Aug 162009
 

Photo © Bulleen Art & Garden

Water gardens have become a very popular addition to many gardens. There is a wide range of designs and styles to suit any taste or budget. Water gardens can range from very small (a pot or half wine barrel), to large interconnected ponds. To create any water garden there are three main elements you should consider introducing. These are water plants, surrounding vegetation and aquatic animals such as fish, water snails and frogs.

To maintain a healthy aquatic environment, a mixture of plant life and animals such as fish are beneficial. Fish will eat mosquito larvae, reducing the number of mosquitos around the pond. Using a mix of plants in the pond will help to reduce algae growth in the pond and provide a healthy environment for the fish. Plants surrounding the pond provide shade and attract insects as food for the fish, and also provide shelter for frogs. It is prohibited to transport frogs from one area to another, so if you want frogs in your pond, you need to provide a suitable environment to attract local populations. Click here if you would like to read more about attracting frogs to your garden.

It is important to include a mix of different types of aquatic plants to maintain a healthy environment for fish and to reduce algal growth. The water plant equation works out how many plants you need:

For one square metre of pond surface area you need one water lily, three oxygenating plants and one or two marginal plants.

Water Lilies

These plants provide flowers over a long period through the warmer months. Their spreading leaves help to keep the pond water clear by cutting off the sunlight and shading the water beneath. Algae require sun to grow and this is the main cause of murky water. The large leaves also provide excellent shelter for fish. Removing old flowers and leaves every two weeks is advisable. Water Lilies grow best in deeper water, at least 50cm above the pot, so place in the deepest part of the pond.

Repotting water lilies
MATERIALS:

1. WATER PLANT BASKETS/POTS
Plant Baskets prevent pond plants from becoming invasive,whilst at the same time keeping the soil around the plant roots and allowing water flow in order to supply nutrients and oxygen.

This aeration of the soil prevents it from becoming anaerobic (depleted of oxygen) and foul smelling. Planters are great for use with all marginal water plants, submerged plants and water lilies. Choose sizes accordingly.

2. GARDEN BLEND SOIL
(available from landscape supplies in bulk or bags)

3. FINE WHITE SAND
(available from landscape supplies in bulk or bags)

4. PEBBLES
(having a mixture of smaller and larger pebbles works best, the larger ones especially stop fish digging up your lilies at the root. Also available from landscape supplies in bulk or bags)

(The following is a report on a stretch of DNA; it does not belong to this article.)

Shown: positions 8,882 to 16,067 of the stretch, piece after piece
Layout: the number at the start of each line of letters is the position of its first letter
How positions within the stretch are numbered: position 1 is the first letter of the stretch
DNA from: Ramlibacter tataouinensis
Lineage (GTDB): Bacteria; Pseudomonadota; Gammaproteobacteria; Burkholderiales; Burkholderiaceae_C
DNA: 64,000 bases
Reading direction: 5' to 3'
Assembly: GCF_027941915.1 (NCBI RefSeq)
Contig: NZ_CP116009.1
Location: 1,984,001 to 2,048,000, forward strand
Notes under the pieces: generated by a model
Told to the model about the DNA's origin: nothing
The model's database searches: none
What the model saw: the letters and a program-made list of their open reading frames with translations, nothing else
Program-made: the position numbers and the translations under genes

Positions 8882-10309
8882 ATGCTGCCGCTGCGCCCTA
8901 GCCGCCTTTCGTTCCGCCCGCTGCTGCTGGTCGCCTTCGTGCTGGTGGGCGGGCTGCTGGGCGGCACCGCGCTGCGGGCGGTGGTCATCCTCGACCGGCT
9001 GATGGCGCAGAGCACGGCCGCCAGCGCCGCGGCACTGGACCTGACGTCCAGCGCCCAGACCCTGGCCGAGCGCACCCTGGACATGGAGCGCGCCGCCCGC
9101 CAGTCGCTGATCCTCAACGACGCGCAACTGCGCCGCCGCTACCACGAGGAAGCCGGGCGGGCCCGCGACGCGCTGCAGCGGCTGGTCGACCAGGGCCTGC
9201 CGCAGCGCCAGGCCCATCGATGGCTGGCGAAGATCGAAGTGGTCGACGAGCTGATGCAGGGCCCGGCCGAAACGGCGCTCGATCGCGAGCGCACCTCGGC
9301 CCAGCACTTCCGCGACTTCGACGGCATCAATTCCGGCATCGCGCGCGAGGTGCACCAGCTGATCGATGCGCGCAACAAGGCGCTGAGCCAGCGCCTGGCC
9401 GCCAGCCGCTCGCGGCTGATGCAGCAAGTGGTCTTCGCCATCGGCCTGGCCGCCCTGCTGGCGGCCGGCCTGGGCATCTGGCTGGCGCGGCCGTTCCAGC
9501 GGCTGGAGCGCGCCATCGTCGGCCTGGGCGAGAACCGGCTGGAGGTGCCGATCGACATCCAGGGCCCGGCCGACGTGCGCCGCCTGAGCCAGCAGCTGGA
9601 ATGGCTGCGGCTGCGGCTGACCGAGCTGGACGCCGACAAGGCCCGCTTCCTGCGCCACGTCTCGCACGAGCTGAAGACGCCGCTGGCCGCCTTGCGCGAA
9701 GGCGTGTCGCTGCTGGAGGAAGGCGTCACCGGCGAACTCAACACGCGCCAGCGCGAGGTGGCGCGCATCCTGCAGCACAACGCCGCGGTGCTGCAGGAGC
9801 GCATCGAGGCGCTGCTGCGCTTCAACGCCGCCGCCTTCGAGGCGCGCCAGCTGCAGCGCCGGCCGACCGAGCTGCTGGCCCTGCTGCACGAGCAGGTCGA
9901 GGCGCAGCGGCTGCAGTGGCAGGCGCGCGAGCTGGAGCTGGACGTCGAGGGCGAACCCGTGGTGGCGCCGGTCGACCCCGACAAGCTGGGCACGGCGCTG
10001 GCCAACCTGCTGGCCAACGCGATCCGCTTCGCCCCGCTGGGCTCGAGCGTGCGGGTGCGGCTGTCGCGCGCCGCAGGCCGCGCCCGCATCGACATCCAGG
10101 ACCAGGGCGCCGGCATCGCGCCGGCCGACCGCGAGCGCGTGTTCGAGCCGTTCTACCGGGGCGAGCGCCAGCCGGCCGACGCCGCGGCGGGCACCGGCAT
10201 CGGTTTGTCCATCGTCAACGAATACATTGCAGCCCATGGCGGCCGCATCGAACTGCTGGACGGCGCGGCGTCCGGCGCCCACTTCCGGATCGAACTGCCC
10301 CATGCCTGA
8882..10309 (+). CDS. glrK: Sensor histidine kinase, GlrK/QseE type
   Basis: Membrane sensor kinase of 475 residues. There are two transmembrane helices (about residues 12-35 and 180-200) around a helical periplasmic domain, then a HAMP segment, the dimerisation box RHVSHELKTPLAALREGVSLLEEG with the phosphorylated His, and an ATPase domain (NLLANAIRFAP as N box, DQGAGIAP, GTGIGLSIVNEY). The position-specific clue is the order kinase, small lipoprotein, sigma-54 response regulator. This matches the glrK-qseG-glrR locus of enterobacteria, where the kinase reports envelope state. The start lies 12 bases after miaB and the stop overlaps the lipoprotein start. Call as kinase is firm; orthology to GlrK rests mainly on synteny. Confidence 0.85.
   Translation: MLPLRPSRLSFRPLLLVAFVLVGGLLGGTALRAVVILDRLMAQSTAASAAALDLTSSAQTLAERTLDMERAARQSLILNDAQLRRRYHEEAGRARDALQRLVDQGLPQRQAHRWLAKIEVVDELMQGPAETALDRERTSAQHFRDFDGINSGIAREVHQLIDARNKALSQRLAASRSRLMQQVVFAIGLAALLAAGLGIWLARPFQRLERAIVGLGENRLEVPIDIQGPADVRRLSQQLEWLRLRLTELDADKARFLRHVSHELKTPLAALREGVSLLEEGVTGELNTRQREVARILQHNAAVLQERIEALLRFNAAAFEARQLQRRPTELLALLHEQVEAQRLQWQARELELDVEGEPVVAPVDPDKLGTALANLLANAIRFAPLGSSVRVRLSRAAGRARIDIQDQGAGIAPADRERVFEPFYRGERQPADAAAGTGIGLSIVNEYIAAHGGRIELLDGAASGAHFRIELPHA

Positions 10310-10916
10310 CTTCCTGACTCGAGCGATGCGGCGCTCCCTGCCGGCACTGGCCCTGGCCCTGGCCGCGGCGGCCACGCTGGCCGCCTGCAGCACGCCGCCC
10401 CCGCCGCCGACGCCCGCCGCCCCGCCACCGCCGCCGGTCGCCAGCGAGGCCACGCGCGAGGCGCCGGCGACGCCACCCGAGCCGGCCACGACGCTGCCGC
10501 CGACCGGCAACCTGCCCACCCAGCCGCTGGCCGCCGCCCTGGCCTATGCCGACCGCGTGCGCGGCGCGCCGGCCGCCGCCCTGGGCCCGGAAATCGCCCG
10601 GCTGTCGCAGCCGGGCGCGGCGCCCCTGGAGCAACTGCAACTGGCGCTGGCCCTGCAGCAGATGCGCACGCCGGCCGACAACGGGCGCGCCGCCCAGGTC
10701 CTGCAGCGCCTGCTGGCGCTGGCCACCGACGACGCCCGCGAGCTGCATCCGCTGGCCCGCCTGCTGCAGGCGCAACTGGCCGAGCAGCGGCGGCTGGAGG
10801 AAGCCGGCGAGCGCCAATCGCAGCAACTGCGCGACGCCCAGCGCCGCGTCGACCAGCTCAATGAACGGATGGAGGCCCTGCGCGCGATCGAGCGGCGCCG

-AGRIFORM FERTILISER TABLETS
(available in the shop, near the pond pumps)

STEP 1: If you are repotting old pot bound plants, pull them out of their pots and cut them into smaller pieces making sure you have some root ball attached to each of them. The foliage of these will also need to be pruned, much as you would other plants. The cuttings will break down beautifully in the compost. Water Lilies are much the same, but try not to divide into too much as it’s possible to damage the corms. Re-potting lilies should be done every 2 or 3 years in winter when the plants are dormant. Not dividing them will prevent flowering.

STEP 2: Half fill the pot with soil and pack down hard, place the plant in and one fertiliser tablet, two for larger plants like water lilies. Then top up with soil allowing a few centimetres for the remaining materials and press this down firmly to prevent any air pockets.

STEP 3: Place approx. 2cm of the fine white sand on the soil, pack down and then add a layer of the mixed pebbles, placing heavier ones closer to the main stems. Water in and you’re ready to re-position your plants and watch them take off again!

Other Surfacing Plants

These are small plants with floating leaves and flowers, which can be planted between Water Lilies or in any vacant spot in the pond. They should be planted in small pots containing a ratio of 10% aged cow manure to 90% heavy loam or Garden Soil (BAAG Premium Soil Mix is suitable). Planting depth (height of water above soil) should be between 15cm and 20cm.

  • NardooMarsilea quadrifolia is an Australian native with leaves that resemble a four leaf clover.
  • Water PoppyHydrocleys nymphoides has yellow poppy like flowers and bright green leaves through late spring and summer. Best in full sun.
  • Water HawthornAponogetum distachyos has white, scented flowers with black centres in late winter and spring; bright green floating leaves; tolerates shade.

Submerged Oxygenating Plants